After a laborious petition drive and a
bumpy legal struggle, Proposal C, which protects medicinal
marijuana users from prosecution and arrest by local authorities,
passed with overwhelming support on Tuesday. Proponents of the
ordinance hailed it as a critical step toward preserving civil
liberties and reducing excessive prosecutions and arrests of
medical drug users. Unfortunately, one day after the ballot
initiative passed, Ann Arbor Police Chief Dan Oates decided to
ignore the direct democratic mandate of Ann Arbor residents,
ordering officers to continue enforcing possession, sale and use
violations for medicinal marijuana as they had before
Tuesday’s vote. Aside from the more intuitive reasons for
police officers not to be arresting ailing residents for attempting
to temporarily alleviate their pain or discomfort, Oates’s
decision to ignore Proposal C carries some much graver
implications.

Beth Dykstra

Under the legal counsel of City Attorney Stephen Postema, the
Ann Arbor Police Department has argued that the city’s
prosecution attempts can be referred to state law, even if the
offense is otherwise decriminalized under municipal statute.
Accordingly, Postema argues, the city has every right to continue
to use its law enforcement resources to halt the medicinal use of
marijuana.

In its departure, Proposal C continues Ann Arbor’s
time-honored support and recognition of the medicinal benefits of
marijuana and represents a critical step toward safeguarding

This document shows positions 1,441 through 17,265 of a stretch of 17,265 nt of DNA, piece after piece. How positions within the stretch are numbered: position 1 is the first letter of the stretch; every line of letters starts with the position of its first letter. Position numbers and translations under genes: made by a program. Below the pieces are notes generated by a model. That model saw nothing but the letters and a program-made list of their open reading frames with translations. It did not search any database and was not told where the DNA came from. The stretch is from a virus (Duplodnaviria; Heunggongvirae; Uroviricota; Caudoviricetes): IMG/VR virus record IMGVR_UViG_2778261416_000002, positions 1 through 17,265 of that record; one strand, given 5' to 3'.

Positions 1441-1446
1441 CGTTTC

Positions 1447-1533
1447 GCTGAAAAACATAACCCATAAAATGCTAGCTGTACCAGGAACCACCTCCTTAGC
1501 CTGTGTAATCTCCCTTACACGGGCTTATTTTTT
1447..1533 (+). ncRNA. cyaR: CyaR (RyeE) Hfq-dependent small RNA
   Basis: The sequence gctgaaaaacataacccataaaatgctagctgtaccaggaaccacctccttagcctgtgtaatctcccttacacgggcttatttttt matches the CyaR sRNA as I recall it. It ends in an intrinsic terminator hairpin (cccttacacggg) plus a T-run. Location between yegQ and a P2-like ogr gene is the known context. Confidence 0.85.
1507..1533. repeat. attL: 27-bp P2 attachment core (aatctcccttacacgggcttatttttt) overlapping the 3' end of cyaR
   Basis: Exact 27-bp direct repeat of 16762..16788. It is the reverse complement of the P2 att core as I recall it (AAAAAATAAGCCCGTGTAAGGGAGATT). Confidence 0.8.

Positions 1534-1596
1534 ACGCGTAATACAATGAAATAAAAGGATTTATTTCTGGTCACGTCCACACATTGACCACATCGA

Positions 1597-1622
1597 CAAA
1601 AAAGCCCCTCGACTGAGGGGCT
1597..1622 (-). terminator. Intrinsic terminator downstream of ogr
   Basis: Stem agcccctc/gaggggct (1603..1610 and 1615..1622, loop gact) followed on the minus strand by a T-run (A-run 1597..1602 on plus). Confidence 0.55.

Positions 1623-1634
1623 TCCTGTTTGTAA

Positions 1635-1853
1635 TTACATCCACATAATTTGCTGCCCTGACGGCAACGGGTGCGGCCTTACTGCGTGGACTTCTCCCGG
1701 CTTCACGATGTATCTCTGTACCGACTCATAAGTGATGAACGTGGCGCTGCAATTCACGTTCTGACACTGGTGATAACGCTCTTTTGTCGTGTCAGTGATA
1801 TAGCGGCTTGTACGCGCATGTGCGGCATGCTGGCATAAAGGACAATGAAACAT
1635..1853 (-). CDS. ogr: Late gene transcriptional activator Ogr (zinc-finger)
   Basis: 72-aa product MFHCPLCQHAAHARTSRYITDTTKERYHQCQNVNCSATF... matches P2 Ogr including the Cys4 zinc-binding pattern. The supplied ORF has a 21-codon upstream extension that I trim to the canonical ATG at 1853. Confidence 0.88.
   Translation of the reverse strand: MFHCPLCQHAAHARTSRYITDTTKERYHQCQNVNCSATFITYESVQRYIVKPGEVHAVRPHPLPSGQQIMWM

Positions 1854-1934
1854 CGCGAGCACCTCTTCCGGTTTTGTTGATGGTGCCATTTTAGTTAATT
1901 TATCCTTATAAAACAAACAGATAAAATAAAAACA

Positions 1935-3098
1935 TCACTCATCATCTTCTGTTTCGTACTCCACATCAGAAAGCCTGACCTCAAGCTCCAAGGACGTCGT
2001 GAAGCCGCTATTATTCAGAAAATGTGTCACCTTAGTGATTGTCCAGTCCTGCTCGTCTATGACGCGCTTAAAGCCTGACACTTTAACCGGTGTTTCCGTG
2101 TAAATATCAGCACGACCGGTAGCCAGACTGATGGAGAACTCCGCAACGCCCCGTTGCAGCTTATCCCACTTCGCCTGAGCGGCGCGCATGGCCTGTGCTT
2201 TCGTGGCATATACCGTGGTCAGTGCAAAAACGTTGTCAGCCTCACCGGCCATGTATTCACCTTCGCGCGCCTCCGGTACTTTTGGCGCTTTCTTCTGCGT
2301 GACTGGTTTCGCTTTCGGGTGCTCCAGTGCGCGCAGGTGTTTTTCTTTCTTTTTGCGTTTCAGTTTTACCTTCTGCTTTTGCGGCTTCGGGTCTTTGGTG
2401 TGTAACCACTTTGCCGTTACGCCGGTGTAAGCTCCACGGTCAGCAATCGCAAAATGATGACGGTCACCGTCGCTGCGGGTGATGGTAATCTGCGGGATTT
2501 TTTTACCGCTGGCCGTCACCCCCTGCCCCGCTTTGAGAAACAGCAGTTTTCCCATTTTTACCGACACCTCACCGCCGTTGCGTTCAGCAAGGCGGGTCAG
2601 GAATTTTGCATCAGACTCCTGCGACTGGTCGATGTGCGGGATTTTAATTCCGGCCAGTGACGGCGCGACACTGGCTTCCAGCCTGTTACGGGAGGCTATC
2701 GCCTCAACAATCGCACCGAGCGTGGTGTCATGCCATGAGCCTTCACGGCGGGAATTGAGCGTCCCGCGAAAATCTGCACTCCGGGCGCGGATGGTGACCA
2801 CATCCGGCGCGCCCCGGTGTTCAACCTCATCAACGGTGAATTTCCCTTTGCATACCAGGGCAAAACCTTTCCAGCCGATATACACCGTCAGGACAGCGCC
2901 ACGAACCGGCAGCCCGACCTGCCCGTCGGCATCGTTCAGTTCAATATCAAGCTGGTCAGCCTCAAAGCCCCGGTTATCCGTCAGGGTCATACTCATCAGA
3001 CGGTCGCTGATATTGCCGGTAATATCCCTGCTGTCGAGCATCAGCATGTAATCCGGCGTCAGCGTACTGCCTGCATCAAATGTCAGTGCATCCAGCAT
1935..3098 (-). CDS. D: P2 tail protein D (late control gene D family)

residents’ civil liberties from unnecessary government
criminalization. Supporters hoped that the ordinance would be met
with further legalization initiatives to ensure that citizens using
cannabis for medical reasons will be able to obtain safe products
from a noncriminal market.

By turning a cold shoulder to Proposal C’s directives,
city officials have not only prolonged the anxiety of hundreds of
Ann Arbor’s ailing residents, but subverted the democratic
process — ignoring the popular opinion of its residents and
gratuitously deferring to state legal precedent. The collective
voice of Ann Arbor residents could not have been any clearer. On
Tuesday, by a 74 percent margin, Ann Arbor voters explicitly
requested that their taxpayer dollars not be used by the city to
prosecute or arrest medicinal marijuana users. The city already
decriminalized marijuana for nonmedicinal reasons, and usually,
when they come across it, Ann Arbor police only charge a small fine
for possession. In fact, with the police department’s
response to Proposal C, medicinal marijuana offenses within Ann
Arbor will now hold harsher penalties and steeper fines than they
would have under municipal statutes before the vote.

Although the state’s more stringent laws will always
supercede municipal code, a city’s residents should be able
to decide how the public authorities most immediate to them
allocate resources. If the majority of Ann Arbor’s citizens
collectively conclude that individual possession and use of
marijuana for medical reasons is not a threat to public order,
local authorities should respect the will of the people.

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